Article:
Last week, the December LSAT scores were released. Some of you opened the email with joy, while others a little less so. For those of you who are happy with your score, bravo! I hope you've finished your apps so that you can merely send off your scores to officially complete your applications. For the rest of you, take a deep breath. I know how disappointing a less-than-hoped-for LSAT score can be, but there’s no point in wallowing. You need to get back up on that LSAT prep horse.
The first thing you need to decide is which LSAT will be your next attempt. Since you took the December LSAT, this decision comes with a few considerations. Normally, most top tier law schools do not accept the February LSAT. Luckily for you, since a number of the December 2013 LSATs were postponed due to weather, many top tier schools, including Harvard Law School, are now accepting February LSAT scores for Fall 2014 applications. Now, take this news with a grain of salt because taking the February LSAT is always least advantageous. Every law school has rolling admissions—meaning admissions committees begin to look at applications in the order that they are received. The earlier you apply, the better your chances are; you will be competing with less candidates for more seats. As February rolls around, however, your application will be among a sea of others, vying for only a few remaining spots.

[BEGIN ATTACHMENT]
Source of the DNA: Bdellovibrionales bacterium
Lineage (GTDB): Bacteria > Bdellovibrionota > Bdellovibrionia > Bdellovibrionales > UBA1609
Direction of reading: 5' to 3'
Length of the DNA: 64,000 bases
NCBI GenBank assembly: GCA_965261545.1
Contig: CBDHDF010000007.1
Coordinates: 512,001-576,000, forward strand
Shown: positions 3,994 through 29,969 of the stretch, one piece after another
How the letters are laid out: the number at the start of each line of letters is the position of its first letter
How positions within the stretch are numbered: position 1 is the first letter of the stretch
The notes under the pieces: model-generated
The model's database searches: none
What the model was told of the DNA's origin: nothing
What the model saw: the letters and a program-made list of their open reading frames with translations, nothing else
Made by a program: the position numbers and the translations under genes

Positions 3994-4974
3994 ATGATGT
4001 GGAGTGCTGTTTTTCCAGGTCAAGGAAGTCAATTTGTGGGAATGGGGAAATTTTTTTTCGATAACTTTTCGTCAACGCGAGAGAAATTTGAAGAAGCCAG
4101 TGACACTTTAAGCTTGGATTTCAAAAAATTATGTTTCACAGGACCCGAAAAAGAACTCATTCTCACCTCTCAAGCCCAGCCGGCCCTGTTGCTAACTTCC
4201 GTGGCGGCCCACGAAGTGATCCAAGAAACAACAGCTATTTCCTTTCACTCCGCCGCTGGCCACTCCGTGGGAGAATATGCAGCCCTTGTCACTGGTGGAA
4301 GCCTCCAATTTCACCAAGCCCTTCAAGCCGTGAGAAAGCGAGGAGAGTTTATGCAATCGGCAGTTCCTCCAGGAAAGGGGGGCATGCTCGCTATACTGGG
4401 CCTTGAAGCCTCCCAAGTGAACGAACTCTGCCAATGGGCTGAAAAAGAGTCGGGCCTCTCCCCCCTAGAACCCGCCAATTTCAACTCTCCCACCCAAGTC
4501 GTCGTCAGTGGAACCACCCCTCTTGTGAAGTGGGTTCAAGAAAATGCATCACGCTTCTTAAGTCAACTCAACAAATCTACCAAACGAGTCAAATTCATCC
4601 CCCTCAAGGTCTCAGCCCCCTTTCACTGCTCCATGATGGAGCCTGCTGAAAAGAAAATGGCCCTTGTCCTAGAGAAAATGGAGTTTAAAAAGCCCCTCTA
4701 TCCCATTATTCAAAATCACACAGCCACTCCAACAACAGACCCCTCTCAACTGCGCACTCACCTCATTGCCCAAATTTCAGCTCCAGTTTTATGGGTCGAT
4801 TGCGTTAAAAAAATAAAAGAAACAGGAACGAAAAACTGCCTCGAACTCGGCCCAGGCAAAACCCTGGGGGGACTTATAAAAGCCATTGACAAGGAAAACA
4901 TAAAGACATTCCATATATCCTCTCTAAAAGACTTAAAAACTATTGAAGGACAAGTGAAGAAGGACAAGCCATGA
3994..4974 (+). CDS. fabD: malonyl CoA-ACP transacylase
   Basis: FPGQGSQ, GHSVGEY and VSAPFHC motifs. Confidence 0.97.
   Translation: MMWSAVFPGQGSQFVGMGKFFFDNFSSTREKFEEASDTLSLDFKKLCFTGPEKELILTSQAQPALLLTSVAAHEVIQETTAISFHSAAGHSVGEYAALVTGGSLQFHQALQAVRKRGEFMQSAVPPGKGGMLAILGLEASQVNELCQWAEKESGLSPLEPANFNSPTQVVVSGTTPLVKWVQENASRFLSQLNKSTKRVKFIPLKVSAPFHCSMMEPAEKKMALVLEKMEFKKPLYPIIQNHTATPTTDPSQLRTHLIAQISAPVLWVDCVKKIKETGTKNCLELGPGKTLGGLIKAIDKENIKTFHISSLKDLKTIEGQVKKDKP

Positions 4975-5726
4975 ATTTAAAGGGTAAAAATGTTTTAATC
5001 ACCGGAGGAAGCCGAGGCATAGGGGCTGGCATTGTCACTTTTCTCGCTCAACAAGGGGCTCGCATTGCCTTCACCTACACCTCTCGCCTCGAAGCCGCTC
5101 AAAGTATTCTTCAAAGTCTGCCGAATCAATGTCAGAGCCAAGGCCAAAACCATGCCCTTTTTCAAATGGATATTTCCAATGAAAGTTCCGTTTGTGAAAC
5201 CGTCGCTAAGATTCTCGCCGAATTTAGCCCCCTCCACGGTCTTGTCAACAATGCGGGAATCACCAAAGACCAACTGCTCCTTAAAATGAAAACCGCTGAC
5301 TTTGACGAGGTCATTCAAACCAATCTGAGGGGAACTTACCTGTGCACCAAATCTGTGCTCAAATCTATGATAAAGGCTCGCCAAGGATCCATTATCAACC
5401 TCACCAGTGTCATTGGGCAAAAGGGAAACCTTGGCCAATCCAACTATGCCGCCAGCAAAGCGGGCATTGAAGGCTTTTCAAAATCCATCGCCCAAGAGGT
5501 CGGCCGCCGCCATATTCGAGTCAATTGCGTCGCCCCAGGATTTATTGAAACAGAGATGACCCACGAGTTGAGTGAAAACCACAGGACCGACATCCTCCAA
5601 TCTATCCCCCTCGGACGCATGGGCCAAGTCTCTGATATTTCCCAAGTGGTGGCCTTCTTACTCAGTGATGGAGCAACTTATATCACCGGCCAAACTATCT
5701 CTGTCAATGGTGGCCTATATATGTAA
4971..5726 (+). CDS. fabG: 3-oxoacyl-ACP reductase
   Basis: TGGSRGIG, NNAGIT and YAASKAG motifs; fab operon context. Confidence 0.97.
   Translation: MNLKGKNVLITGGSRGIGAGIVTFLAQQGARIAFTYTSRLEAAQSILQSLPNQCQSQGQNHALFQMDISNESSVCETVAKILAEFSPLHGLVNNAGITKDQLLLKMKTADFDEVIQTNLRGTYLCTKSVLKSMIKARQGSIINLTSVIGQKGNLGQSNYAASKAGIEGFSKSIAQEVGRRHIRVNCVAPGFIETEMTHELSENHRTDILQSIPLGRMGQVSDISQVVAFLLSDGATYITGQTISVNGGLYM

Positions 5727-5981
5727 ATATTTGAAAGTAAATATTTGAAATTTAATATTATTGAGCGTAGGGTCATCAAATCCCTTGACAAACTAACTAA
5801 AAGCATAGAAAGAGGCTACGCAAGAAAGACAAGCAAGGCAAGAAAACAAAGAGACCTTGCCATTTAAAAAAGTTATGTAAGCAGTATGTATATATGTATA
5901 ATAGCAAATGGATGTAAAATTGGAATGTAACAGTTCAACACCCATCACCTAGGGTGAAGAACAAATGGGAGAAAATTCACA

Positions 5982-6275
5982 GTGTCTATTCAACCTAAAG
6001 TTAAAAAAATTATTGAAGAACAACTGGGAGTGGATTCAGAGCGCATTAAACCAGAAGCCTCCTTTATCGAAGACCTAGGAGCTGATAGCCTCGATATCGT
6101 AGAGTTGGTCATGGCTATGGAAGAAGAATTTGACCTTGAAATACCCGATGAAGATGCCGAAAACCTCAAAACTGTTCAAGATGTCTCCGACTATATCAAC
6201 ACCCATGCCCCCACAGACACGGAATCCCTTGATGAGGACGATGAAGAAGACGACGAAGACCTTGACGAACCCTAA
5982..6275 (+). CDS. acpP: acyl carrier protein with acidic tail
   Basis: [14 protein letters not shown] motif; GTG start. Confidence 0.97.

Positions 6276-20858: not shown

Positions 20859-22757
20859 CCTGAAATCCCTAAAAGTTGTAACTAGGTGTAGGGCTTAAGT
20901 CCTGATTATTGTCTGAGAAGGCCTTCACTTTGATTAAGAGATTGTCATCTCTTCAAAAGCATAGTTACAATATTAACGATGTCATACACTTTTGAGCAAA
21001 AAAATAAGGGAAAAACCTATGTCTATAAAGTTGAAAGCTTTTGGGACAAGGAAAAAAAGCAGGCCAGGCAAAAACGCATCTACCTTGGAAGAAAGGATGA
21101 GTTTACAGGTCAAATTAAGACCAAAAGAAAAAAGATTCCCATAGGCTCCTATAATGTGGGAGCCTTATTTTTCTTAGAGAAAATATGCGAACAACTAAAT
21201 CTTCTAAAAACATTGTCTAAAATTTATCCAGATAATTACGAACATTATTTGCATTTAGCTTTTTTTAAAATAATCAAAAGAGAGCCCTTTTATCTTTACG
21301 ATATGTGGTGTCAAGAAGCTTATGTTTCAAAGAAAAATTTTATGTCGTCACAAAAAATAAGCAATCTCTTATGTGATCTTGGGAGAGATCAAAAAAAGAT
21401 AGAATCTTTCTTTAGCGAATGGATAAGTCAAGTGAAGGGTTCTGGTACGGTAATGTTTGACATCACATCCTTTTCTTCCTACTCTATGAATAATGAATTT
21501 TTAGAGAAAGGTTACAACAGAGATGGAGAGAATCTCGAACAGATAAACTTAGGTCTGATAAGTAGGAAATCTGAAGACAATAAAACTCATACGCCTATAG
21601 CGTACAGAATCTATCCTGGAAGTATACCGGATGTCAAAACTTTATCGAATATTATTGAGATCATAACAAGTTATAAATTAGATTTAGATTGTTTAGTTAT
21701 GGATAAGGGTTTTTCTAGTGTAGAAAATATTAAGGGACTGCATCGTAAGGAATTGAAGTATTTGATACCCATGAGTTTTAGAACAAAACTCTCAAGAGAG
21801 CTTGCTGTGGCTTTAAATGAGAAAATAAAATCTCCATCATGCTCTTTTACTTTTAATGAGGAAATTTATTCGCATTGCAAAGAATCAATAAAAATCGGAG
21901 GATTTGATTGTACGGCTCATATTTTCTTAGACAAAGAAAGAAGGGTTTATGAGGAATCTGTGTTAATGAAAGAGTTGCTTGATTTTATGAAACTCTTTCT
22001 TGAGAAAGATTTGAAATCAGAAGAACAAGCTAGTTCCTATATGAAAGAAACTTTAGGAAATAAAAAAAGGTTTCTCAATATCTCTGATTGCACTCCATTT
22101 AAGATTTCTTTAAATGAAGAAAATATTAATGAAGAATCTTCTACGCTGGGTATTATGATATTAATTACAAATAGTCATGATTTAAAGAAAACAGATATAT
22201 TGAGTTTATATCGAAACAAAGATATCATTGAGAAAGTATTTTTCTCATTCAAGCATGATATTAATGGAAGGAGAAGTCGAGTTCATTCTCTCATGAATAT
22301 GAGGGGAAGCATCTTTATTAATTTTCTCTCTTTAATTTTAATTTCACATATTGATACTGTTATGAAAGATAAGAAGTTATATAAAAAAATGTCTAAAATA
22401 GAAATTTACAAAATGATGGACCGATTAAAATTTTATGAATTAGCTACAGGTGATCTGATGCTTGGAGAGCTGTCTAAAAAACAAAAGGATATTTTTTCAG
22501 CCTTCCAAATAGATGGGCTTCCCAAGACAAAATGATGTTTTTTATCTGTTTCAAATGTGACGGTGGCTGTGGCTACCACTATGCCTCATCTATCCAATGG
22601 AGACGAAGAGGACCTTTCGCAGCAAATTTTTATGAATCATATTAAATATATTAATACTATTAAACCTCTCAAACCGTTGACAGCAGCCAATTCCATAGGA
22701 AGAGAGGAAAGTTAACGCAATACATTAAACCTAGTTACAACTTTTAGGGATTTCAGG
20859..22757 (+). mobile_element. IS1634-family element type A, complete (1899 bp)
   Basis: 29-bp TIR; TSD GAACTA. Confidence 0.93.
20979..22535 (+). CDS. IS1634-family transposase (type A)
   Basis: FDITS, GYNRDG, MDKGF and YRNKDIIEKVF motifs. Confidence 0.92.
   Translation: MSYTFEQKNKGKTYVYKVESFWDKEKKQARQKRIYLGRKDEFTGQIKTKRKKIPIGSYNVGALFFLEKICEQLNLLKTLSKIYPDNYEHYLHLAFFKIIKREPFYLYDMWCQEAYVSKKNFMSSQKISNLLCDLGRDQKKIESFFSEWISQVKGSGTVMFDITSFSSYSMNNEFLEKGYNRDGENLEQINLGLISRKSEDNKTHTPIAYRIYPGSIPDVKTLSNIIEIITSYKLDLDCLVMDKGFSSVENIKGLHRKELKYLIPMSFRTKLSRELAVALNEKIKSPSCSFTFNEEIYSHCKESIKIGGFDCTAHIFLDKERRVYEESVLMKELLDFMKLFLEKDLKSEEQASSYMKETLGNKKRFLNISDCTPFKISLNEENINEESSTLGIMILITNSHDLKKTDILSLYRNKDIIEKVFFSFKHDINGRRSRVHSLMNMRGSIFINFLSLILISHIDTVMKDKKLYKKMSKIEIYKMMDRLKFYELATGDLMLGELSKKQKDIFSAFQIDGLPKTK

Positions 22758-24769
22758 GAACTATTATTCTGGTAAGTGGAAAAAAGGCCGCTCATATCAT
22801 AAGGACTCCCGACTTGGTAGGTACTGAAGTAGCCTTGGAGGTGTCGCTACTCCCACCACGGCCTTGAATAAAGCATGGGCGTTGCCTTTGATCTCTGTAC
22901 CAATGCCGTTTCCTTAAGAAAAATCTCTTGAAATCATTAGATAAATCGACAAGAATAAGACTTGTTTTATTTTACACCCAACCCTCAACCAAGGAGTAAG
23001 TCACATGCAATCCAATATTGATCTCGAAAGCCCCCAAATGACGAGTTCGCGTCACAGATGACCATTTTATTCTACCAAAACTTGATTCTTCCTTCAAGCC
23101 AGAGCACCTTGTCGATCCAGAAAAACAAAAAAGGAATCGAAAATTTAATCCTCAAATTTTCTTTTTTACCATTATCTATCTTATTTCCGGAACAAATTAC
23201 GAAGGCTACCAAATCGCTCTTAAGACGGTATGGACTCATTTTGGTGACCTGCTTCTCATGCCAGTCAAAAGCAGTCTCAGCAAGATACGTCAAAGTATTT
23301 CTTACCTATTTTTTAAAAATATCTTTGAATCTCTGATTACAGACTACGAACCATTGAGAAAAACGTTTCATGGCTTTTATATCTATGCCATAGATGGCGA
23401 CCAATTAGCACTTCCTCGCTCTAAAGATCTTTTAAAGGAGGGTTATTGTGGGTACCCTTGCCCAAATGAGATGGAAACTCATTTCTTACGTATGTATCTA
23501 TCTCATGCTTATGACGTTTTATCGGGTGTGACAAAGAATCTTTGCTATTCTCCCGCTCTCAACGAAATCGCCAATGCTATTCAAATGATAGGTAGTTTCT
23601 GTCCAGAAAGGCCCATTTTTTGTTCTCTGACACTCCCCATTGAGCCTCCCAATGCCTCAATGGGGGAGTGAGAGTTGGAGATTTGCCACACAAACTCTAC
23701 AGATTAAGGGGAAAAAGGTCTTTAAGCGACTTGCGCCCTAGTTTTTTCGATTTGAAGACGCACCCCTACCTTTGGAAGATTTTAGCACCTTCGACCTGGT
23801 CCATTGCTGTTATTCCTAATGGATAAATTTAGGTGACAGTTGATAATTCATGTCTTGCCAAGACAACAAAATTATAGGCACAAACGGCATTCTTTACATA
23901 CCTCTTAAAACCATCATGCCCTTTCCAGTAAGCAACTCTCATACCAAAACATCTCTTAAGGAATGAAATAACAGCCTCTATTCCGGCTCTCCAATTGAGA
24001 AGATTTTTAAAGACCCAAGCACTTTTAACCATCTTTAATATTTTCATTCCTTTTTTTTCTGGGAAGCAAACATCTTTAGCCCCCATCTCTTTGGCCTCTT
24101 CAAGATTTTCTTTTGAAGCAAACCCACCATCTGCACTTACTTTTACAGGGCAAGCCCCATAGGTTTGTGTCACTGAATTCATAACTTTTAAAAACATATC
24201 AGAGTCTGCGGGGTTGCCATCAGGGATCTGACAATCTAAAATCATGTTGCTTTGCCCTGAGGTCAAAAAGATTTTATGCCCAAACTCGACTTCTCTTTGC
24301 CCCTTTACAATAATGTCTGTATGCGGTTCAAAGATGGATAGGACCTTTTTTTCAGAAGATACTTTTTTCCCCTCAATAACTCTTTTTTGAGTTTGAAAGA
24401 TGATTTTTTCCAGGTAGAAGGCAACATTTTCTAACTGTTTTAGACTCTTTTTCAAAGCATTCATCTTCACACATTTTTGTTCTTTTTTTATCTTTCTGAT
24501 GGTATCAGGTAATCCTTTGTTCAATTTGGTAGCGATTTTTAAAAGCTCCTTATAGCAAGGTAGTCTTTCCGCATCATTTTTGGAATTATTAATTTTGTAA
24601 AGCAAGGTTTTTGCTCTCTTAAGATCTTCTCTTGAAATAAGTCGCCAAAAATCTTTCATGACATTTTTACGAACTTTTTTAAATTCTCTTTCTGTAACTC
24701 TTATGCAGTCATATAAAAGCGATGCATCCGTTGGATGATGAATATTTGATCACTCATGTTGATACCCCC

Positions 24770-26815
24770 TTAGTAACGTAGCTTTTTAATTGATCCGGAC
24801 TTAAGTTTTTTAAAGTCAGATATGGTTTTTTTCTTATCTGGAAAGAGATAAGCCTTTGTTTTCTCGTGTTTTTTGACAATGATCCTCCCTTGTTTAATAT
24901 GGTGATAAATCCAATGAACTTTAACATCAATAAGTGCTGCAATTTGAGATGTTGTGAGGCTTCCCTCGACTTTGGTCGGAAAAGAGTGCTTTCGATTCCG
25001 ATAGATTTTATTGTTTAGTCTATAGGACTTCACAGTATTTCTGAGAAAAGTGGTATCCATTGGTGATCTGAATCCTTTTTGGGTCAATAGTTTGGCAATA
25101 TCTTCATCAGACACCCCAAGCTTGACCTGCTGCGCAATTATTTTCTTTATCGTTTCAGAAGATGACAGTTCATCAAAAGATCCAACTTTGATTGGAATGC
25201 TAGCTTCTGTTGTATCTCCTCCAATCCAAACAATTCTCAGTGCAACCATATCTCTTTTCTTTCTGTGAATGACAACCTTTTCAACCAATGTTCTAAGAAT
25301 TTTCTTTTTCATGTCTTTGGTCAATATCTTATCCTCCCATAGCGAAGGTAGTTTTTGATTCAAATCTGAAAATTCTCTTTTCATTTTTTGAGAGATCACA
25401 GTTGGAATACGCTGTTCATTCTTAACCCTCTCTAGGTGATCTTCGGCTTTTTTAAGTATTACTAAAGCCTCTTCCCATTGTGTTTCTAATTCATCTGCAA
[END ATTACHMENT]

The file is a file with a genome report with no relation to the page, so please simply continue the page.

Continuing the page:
Consider the strength of your application. If going to law school this upcoming fall is very important to you, and you find that your GPA and LSAT score fall above the 75th percentile of the schools you want to go to, then you should probably apply. However, if you find that your standing is not so solid for the schools you have your legal heart set on, it might serve you well to wait to apply for Fall 2015. If you do decide to apply for Fall 2015, your next consideration is whether you should take the February LSAT or the June LSAT.
If your score was close to where you wanted it to be, and you feel that you can definitely raise it to be in goal-range within the next month, then go ahead and get the exam out of the way. But, if you feel you need some more time to achieve your target score, then I’d recommend taking the extra months the June exam allots you and really delve head first into your LSAT prep. The key here is in being honest with yourself. There’s no rush and there is absolutely no reason to settle. Law school will be waiting for you, whether it’s this fall or next.
You have some important decisions to make. I’d recommend taking a day or two to weigh your options. If you have any questions, feel free to contact us. Remember, we went through this whole process, as well. We’re always here for you.